I can't begin to tell you how that little girl, her mother, and the "gift" have touched my heart. I still get tears when I read her letter. I know your children are younger but involving them in whatever way that is age appropriate will help to make them feel as though they are helping. Children are very perceptive and need to hear the truth albeit at what their level is.

      Take advantage of whatever services are offered in your community. One thing that I have found to be so true is that there are angels in all sorts of shapes, sizes, and places and we just never know when one will be there for us.

      Take good care,

      Happyjack

      almost 5 years ago
    • SDB's Avatar
      SDB

      I didn't have small children, I had grandchildren, but they are pretty good at understanding that you will need your rest so you can get better. There is also books from the American Cancer Society that will help, go to their library look for childrens books and there is at least one that is on Someone You Love Has Cancer, also call the[phone number redacted] and a person on the other line can talk to you about information they offer to assist. They are there 24/7 just to help.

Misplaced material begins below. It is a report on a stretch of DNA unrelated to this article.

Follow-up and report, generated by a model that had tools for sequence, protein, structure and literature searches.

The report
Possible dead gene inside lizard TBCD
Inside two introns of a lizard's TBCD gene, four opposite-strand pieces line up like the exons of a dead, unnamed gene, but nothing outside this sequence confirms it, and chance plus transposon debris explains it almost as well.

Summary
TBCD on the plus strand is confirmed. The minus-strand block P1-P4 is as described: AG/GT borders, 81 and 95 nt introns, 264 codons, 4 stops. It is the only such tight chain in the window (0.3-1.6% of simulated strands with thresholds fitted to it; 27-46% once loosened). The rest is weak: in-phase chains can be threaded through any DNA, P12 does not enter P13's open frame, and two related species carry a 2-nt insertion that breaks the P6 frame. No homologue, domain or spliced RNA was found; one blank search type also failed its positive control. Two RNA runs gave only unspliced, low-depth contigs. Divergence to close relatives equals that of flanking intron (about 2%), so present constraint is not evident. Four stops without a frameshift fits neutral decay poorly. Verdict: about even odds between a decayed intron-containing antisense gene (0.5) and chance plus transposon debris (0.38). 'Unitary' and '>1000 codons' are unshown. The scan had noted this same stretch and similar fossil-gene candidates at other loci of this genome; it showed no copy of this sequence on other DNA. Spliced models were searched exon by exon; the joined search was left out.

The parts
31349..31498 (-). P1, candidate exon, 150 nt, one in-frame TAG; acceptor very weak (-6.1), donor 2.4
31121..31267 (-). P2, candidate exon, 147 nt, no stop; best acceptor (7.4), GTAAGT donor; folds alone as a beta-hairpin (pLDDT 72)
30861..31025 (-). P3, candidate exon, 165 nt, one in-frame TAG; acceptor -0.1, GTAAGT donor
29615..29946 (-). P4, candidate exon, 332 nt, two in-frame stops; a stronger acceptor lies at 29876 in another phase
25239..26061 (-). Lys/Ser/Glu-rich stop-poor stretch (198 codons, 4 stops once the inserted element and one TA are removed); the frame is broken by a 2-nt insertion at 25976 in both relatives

Many people have issues with hair loss, which I really didn't as I had in my head that it will grow back, but sometimes children will worry when they see this. Just explain to them that it is like the sickness inside of you, it has to come out so the new healthy you can grow stronger.
      Good Luck and know that your strength comes from within, your support comes from those who love you and your children are your focus on your getting healthy. Prayers of strength to you and your family.

      almost 5 years ago
    • WeCanBeatThis' Avatar
      WeCanBeatThis